Boris Johnson wants 13 new crossings built by 2050
London mayor Boris Johnson has unveiled plans to build 13 bridges and tunnels – the majority east of the planned Garden Bridge at South Bank – which he says he wants built over the next 35 years.
The controversial Garden Bridge is included among the 13 river crossings which Johnson says are needed if the capital is to cope with a population growth that is expected to hit 10 million by 2030.
Nine of the crossings will be in the east stretching from a proposed cycle and footbridge from Rotherhithe to Canary Wharf – which was last week unveiled by Reform Architects – to the Lower Thames Crossing near the existing Dartford Crossing.
Existing connections in east London are poor, with just three road crossings in the 14 miles between Tower Bridge and the M25.
Johnson said: “Building a series of new bridges and tunnels across the Thames is essential for the future prosperity of our rapidly-growing city. By creating more links between the north and south of the river, we won’t just improve day-to-day travelling across the capital, we’ll unlock areas for development and create thousands of jobs and homes.”
A consultation has begun on new bridges at Gallions Reach and Belvedere in the east with hopes that the pair could be built by 2025. A public consultation on Silvertown Tunnel, intended to take pressure off the Blackwall Tunnel, has recently concluded.
The furthest west bridge planned is the £22 million Diamond Jubilee Bridge (pictured below) which would run alongside a rail viaduct between Battersea and Fulham and was designed speculatively by local practice One World Design.
It has been given planning and house builder Barrett London, which is constructing a Patel Taylor tower near the southern landing site, is constructing piles for a future footbridge as part of its planning agreement.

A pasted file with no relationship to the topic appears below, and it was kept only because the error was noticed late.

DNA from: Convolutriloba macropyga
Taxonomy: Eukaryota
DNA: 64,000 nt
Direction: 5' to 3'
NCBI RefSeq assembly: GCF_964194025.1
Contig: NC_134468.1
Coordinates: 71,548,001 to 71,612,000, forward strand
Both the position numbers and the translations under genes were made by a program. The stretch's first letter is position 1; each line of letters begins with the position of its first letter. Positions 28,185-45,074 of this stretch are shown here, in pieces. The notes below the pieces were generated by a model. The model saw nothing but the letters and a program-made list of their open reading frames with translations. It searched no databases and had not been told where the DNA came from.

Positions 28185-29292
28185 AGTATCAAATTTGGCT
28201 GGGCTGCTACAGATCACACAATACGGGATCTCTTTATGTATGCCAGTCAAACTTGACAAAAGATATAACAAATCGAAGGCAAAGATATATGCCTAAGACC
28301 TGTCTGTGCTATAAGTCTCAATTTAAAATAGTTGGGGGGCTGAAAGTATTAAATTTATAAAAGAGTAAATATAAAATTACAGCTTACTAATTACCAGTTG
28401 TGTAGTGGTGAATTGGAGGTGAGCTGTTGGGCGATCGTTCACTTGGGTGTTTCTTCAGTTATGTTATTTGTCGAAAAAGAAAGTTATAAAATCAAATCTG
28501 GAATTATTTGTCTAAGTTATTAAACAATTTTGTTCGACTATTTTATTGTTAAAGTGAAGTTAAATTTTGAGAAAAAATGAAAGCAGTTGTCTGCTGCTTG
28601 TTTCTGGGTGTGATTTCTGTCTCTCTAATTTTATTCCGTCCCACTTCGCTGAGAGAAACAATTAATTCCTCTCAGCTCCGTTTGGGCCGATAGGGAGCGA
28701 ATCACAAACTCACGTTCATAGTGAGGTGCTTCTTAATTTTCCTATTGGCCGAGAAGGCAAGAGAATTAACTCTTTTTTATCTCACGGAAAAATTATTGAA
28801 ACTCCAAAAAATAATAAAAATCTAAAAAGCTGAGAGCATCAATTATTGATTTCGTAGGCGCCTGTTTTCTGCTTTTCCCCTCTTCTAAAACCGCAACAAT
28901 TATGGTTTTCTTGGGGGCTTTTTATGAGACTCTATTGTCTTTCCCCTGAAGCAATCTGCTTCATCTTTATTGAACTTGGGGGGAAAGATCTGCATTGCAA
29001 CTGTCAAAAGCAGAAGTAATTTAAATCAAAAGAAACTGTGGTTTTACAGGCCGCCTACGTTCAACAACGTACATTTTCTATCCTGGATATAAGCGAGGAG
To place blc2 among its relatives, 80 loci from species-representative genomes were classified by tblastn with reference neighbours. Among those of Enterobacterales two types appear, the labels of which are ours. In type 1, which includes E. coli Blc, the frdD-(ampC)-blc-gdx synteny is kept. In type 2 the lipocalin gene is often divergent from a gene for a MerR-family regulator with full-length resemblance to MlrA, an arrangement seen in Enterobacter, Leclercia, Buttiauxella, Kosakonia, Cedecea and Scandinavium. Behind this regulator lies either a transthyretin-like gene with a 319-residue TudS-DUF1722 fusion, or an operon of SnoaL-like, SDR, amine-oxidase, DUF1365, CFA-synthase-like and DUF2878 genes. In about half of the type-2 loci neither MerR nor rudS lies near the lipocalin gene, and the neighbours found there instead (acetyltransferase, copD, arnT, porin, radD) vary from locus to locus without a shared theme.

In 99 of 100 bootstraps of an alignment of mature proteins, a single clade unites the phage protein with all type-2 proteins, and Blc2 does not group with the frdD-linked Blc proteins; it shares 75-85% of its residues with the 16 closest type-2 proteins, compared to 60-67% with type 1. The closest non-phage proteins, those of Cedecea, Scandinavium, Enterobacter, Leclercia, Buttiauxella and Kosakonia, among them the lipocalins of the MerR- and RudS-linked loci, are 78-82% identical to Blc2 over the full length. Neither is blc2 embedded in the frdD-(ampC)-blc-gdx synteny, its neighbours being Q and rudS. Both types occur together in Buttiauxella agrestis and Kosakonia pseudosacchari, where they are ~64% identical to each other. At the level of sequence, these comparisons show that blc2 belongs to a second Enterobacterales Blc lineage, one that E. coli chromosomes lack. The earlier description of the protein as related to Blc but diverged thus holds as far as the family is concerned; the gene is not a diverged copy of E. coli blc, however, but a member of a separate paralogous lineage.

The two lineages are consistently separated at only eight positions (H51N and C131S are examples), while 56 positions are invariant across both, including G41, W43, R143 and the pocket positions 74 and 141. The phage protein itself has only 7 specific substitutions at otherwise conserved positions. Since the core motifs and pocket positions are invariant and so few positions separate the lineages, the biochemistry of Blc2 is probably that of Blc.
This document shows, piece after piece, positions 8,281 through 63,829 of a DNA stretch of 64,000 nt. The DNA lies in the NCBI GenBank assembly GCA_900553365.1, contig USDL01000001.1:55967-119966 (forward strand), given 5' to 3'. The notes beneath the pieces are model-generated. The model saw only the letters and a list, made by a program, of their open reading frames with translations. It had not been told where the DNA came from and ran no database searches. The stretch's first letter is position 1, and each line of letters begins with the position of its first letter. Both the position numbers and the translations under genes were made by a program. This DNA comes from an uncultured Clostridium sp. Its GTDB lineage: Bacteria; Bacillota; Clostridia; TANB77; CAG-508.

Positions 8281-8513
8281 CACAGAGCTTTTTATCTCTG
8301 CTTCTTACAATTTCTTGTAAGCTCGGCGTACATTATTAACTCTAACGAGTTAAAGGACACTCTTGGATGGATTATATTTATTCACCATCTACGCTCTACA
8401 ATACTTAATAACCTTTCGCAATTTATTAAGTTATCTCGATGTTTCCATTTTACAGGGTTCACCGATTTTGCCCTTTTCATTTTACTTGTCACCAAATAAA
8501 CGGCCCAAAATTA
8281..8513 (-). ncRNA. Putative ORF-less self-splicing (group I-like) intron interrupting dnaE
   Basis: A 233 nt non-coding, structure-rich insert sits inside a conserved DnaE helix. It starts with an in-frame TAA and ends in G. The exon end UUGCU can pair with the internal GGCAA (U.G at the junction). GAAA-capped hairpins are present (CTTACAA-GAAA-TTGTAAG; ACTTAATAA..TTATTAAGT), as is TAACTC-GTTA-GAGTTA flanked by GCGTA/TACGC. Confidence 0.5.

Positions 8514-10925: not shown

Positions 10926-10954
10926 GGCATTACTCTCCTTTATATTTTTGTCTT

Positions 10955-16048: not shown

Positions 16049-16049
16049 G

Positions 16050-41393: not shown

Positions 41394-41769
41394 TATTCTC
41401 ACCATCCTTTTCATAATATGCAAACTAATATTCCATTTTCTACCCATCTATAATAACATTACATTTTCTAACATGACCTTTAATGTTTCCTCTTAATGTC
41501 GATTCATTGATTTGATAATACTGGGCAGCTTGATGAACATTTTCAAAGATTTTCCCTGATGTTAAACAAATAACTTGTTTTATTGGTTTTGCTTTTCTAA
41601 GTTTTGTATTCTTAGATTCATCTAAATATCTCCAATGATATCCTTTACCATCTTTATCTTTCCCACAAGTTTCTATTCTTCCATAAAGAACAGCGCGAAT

All the bridge needs is funding and Chris Medland, director of Battersea-based One World Design, said he hoped the mayor’s announcement would now get this started.
“It’s really exciting news,” he said. “This bridge will make a massive difference to everyone who lives and works in the area who currently has to make a three-mile round-trip to cross 250m of water.
“Both sides of the river have been developed substantially in the last few years, making a bridge here even more important.”
Another bridge included in the plans is a pedestrian and cycle bridge between Pimlico and Nine Elms in Battersea which last week saw Bystrup and Robin Snell picked as preferred bidder.
It still needs planning from both Wansworth and Westminster councils – as well as approval by the mayor – but it has attracted criticism from the Pimlico side of the river who fear the bridge will bring 18,000 extra commuters a day into their residential area and damage one the few public spaces – a park where the bridge may land.
Last week Terry Farrell said that London’s future depended on just seven bridges running from the Westferry Bridge at Canary Wharf to Bugsby’s Bridge near the Thames Barrier.
This story first appeared on Building Design